- Customer and user expectations of continuous improvement
- With more emerging technology being directly introduced to customers and internal users than ever before, user experiences are critical to maintaining customer loyalty and retaining staff.
- Enterprises face a constant onslaught of customer experience improvements in competing products and services that they are obliged to either keep pace with or exceed.
- Customer-facing software services are never “done.”
What is IT automation?
While technology modernization is principally focused on the adoption of more modern technologies (usually more open technologies with a deep pool of talent), this is not sufficient to achieve the business goals of technology modernization.
This is because the processes through which modern software is developed and deployed matter as much as the underlying technology. With more software being developed and deployed more quickly than ever before, it is imperative that IT processes are as automated as possible to avoid technology teams becoming excessively burdened with supporting lights-on activities, and consequently being unable to support business change initiatives.
Traditionally, technology projects planned around waterfall methodologies were designed to deliver change only within a managed project. Once these projects were completed, change was discouraged. Project teams were not incentivized to invest in automating activities which only happened a few times throughout the life of the project. Instead, any automation was left to operations teams, usually to handle business-as-usual changes dealing with security, compliance and minor business change requests.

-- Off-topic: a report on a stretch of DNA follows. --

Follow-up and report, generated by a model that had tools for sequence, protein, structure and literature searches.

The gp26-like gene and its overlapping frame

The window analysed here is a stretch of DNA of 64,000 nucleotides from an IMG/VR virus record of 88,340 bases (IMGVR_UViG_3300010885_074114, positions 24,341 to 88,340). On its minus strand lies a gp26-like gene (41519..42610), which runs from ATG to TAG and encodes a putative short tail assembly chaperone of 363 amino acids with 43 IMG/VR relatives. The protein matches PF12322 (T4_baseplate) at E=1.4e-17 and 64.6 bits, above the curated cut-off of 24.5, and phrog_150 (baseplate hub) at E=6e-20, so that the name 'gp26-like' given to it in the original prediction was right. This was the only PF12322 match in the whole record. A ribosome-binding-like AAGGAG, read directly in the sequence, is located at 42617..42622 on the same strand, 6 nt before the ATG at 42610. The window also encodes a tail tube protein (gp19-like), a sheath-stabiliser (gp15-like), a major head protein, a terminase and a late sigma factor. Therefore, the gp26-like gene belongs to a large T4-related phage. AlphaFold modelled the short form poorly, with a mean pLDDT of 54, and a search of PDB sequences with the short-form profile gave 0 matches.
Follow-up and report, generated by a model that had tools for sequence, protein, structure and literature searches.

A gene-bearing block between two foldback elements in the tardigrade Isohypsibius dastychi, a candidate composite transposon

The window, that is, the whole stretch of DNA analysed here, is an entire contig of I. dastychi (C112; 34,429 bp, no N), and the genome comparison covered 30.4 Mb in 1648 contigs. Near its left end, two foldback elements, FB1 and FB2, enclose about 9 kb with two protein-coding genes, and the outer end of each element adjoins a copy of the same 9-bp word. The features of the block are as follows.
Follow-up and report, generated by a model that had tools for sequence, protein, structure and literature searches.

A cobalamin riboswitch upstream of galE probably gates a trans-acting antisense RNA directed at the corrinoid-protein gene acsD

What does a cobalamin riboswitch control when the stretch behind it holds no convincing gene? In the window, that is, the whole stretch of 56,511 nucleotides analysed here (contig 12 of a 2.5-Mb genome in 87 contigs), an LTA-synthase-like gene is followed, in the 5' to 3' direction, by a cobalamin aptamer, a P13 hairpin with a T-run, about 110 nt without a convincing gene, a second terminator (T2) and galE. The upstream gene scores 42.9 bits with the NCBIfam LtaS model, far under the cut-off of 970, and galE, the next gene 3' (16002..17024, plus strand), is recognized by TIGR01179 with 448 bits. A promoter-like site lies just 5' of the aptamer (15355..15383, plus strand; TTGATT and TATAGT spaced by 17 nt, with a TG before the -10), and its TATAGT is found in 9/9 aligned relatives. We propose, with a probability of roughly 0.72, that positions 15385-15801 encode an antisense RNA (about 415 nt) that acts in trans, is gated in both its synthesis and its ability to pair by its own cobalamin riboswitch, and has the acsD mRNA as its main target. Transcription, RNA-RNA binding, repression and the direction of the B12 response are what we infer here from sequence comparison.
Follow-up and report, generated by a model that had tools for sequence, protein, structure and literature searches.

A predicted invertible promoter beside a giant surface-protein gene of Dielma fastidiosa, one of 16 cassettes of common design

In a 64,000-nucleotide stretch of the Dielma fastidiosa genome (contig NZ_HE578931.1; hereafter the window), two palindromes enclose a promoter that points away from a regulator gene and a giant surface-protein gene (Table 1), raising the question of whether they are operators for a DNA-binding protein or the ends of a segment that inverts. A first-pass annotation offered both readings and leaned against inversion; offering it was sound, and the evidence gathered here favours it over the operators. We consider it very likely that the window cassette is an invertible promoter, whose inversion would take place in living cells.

The DevOps movement revolutionized the collaboration model between development teams and operations teams by breaking down cultural silos, encouraging operations teams to adopt engineering practices and disciplines, and engineering teams to adopt an operations mindset in relation to software quality and resilience.
IT automation, therefore, seeks to eliminate friction and improve the flow of work from the time an application developer completes their work (i.e., checks in their code) to the time that code is successfully deployed into a production environment (i.e., is delivering business value).
With modern technologies, almost all IT activities are defined through software. For example, using cloud technologies, all infrastructure provisioning can be fully automated. This, in turn, enables the automation of mandatory validation processes such as quality control testing, architectural fitness testing, security testing and policy or compliance validation.